LEFT LABOUR MP Jeremy Corbyn, who has been nominated to stand in the Labour leadership campaign, is also the chair of the Stop the War Coalition.
He has been a supporter since we began back in 2001, has spoken on virtually all of our demonstrations big and small, and has been a consistent anti-war voice in parliament.
He was part of the major Labour rebellion against the Iraq war in 2003, and was opposed to the intervention in Syria in 2013.
All of this is great news for Stop the War supporters who can now back him as a principled anti-war and anti-austerity candidate in a contest which was set, until the last minute, to be between three candidates who all espoused a similar message – none of it anti-war.
As well as central role in Stop the War, Jeremy is also involved in a wide range of other campaigns for peace and social justice, such as the Campaign for Nuclear Disarmament, of which he is vice-chair, and the Palestine Solidarity Campaign.
But Jeremy’s candidacy takes on a much wider significance, because it can be part of rebuilding a left committed to social movements which can provide the antidote to a government committed to pro-war policies and to cutting welfare, including the benefits of some of the poorest in society.
A mass campaign in support of Jeremy should involve meetings in every town and city which echo the policies which he has always followed: peace and justice for all, an end to widening inequality, and opposition to cuts in welfare, rather than warfare.
Such a campaign would galvanise large numbers of people who have previously been involved in anti-war and other campaigns, as well as many young people who have protested against austerity in recent weeks.
The Corbyn candidacy can have the effect of unifying many of the campaigns, and of inserting a clear left voice into the debate about how best to oppose government policies on these questions.
There is a new movement growing against austerity, determined to oppose the new government’s policies. Stop the War is part of the People's Assembly, which called the huge march against austerity on Saturday 20 June that brought 250,000 protesters on to London's streets.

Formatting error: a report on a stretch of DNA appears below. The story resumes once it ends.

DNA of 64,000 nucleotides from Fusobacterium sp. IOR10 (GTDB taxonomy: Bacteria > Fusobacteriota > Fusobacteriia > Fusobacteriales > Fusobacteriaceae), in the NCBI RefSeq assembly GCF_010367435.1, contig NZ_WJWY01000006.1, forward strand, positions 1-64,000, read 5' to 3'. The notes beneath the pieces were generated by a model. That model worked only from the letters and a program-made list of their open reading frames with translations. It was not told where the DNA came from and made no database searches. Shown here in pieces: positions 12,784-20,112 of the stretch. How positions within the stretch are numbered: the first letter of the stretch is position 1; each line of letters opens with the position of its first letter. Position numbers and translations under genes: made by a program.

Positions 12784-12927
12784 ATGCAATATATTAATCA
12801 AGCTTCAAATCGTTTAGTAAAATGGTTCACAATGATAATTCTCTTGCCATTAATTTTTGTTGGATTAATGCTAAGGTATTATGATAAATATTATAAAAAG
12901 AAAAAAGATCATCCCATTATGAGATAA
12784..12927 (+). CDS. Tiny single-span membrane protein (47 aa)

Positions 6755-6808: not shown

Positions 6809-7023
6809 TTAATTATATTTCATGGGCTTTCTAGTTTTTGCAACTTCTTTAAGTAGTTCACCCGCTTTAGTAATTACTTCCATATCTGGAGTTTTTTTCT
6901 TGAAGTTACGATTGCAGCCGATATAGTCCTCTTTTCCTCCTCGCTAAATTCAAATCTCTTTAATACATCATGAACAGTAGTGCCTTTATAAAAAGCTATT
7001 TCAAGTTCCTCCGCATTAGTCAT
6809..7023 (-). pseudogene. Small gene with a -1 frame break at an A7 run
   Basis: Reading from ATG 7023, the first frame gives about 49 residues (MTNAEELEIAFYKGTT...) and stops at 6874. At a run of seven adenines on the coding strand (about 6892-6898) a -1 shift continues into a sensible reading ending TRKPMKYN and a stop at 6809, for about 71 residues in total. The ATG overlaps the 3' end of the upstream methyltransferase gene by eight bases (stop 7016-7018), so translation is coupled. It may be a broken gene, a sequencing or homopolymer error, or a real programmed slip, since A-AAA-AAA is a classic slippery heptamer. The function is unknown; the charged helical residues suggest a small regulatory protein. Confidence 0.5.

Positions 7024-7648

We can all help to build Jeremy's campaign, to make sure that a strong alternative voice to war and austerity gets the hearing it deserves. His candidacy for the Labour leadership can only make the movements for peace and social justice stronger.

How to vote for Jeremy Corbyn as Labour leader. Anyone can vote in the Labour Party leadership election, which is now run on the basis of one-person-one vote. The election is not restricted to Labour Party members but open to the new category of Labour supporter. Registration as a supporter costs just £3. Register here » 

While Tony Blair has his tantrum in the UK, Barney Frank has his in the United States.

The former member of the US House of Representatives is attempting to be a columnist at POLITICO -- and anyone's who suffered through one of his charm-free TV appearances would strongly encourage him to pursue a career far, far away from any video cameras.

Barney Frank insisted at POLITICO earlier this week that no one should support Senator Bernie Sanders in his run for the Democratic Party's presidential nomination.


Because it hurts Hillary.

Barney apparently sees Hillary as the new Judy Garland or at least the latest Britney Spears and insists that the (male) gay community and others should support Hillary -- apparently, support her blindly and support her over the concept of democracy.

Democracy, Barney forgets, is about public debate, public exchange.

Democracy is not a coronation.

He argues against democracy in one statement after another such as this paragraph:

I know that there is a counter-argument made by some on the Democratic left that a closely contested nomination process will help our ultimate nominee — that Clinton will somehow benefit from having to spend most of her time and campaign funds between now and next summer proving her ideological purity in an intraparty fight, like Mitt Romney in 2012 — rather than focusing on her differences with the conservative she will face in the election. But neither an analysis of the current political situation nor the history of presidential races supports this.